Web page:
In short, you might like to think you’d be doing great things without a person who depends on you, but you never know. Maybe you’d just be blowing your dough on hookers and booze. Perhaps caring for another person is, though not ideal, the more respectable way to spend your time.
Towards the end of the novel, George, Lenny and the elderly ranch hand Candy hatch a plan to pool their money and buy a little place of their own.
Sure, they’re three assholes who can’t get anywhere near a cooter without paying for it, but they hope to become an oddball family of sorts. These three assholes will work their own land, reap their own rewards and if they want to take a break and watch a ball game, they can without the boss bitching them out. Even better, since it will just be them, there will be nothing for Lenny to screw up royally.
In theory, co-owning a small farm with two other dudes would be a more respectable life for George than chasing hookers and drinking booze and, though it is unclear if he ever realizes it, it is a life that he would not pursue if he did not feel the pressure of finding Lenny a place to live where he can’t accidentally snap necks with his stupid giant hands.
In the above quote, George is given a clear opportunity to tell us what he would do without Lenny. He does not tell us that he’d be Dr. George or Senator George. He tells us that’s he’d be hooker patron George. Thus, he is, in theory, better off with Lenny because at least with Lenny, he aspires to be small farm owner George.
Here’s where things get dicey. The “Lenny is good for George” argument falls apart when Lenny accidentally snaps the neck of Curley’s Wife while he is petting her hair.
In addition to this being a horrific tragedy, it also becomes clear that George can never have any real kind of a life as Lenny’s caretaker as Lenny is so big and stupid that he will inevitably FUBAR everything he comes into contact with. Even George’s desired life as a hooker patronizing gambler/hotel food eater would be better than having to drag this giant sack of crap around the countryside, constantly on the run whenever Lenny screws the pooch.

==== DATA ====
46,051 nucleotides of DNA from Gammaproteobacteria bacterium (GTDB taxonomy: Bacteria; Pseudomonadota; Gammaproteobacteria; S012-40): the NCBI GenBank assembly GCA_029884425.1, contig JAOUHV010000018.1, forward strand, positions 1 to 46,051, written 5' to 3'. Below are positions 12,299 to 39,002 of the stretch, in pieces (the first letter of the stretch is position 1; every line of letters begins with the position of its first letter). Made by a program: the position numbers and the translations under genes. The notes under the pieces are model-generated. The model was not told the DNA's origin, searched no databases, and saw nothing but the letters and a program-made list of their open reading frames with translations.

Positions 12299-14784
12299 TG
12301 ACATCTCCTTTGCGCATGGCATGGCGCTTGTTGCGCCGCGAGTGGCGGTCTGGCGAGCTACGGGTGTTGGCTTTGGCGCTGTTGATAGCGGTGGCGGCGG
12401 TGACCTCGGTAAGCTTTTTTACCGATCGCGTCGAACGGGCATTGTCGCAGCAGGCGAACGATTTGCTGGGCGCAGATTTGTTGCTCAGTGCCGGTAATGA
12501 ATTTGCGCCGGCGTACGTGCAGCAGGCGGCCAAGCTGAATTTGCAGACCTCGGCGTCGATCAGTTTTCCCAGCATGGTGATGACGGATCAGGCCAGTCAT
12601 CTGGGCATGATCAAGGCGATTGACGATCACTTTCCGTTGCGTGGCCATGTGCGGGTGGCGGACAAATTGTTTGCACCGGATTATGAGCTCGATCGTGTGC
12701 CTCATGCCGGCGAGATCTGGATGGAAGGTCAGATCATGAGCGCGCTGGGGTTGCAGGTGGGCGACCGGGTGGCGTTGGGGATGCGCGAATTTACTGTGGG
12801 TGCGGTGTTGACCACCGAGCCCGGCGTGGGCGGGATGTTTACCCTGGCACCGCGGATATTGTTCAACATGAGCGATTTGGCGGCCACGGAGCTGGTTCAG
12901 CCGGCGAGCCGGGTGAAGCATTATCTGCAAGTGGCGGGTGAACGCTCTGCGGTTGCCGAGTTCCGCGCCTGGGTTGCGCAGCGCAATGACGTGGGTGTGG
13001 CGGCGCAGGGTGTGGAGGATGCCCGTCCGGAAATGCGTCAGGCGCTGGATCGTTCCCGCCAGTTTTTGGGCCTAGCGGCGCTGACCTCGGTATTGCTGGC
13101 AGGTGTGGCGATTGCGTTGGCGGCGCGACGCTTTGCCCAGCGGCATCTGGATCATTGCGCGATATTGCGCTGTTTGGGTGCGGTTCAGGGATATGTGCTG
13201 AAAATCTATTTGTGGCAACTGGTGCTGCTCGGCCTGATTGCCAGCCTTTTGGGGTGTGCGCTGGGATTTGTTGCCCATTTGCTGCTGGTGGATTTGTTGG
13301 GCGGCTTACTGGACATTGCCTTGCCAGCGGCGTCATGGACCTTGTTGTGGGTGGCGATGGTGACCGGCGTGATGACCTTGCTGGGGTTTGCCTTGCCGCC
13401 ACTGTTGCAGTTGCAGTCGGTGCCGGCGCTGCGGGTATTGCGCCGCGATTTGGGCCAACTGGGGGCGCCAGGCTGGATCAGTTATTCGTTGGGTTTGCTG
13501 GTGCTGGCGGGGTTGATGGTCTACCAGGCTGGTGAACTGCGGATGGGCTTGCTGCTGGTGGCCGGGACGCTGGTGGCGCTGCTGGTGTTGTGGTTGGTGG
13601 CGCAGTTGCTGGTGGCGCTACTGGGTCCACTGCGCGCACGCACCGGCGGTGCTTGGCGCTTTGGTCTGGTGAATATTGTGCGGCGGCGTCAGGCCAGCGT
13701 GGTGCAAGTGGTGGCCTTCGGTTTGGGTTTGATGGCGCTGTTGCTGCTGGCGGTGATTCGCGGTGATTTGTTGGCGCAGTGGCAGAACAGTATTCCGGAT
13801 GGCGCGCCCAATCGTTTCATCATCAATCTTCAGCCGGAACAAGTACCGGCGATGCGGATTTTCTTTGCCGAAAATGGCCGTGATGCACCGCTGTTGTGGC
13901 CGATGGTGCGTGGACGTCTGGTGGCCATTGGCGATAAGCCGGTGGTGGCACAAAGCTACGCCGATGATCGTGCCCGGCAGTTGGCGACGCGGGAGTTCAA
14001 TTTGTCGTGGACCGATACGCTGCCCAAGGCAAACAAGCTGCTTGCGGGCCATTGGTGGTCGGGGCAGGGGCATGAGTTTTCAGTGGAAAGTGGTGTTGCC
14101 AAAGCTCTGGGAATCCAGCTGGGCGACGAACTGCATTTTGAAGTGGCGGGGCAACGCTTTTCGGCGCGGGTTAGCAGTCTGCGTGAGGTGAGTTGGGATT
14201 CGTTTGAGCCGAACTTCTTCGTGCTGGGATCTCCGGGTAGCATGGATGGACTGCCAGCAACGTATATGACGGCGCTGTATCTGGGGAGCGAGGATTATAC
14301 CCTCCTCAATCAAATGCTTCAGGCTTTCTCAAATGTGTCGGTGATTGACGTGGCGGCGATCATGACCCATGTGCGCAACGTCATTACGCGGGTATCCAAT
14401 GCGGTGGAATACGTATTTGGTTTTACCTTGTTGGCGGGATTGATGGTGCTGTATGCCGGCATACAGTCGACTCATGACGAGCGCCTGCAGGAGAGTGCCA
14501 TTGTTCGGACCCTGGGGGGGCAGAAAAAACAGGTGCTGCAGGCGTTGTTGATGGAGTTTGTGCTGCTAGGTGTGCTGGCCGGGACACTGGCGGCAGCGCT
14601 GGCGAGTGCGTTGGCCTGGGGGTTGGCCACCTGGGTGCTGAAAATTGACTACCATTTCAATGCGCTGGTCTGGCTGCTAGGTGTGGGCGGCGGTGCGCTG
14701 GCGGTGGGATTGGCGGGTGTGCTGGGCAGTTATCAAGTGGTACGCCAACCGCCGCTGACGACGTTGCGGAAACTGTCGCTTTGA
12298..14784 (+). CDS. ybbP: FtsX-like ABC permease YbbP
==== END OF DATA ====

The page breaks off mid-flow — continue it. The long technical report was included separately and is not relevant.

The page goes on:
So in the end, the question posed in this lecture is not a simple one. Only you know how difficult the person you are taking of is.
Perhaps this person lifts you up without realizing it. Perhaps your life would lack purpose without him/her. Maybe you’d become a degenerate prostitute customer/gambler/alcoholic/hotel food eater. Maybe you’re wrong about your role as a caretaker and maybe you should give this person you are caring for a break.
Then again, you could totally be right and this person you are saddled with is a total assbag who drags you down at every turn and you’d be so much better off with this person, even five expensive minutes with an STD infested lady of the evening and a gross, refried hotel steak burnt till it resembles a coaster would be a preferable alternative.
In that case, you might consider telling this difficult person goodbye. Do just say goodbye. Don’t solve the problem with a revolver as George did.
I suppose I should clarify. If we’re talking about a mentally capable person who is just being an asshole to you, then yes, say goodbye.
If we’re talking about a mentally unstable Lenny type person, then obviously you can’t just abandon this person. Luckily though, in today’s modern age, there are all kinds of programs and professionals that can help you take care of this person. Be glad this isn’t the 1930s and that you aren’t George and the only option you can turn to is a gat.
As a reminder, BQB’s attorney asks me to tell you that this blog’s proprietor does not endorse shooting people. You probably realized that already but we live in a litigious society where crooked lawyers rule the day so everything needs to be spelled out.
What observations do you have, 3.5 readers? Fling your poop in the comments. Class dismissed.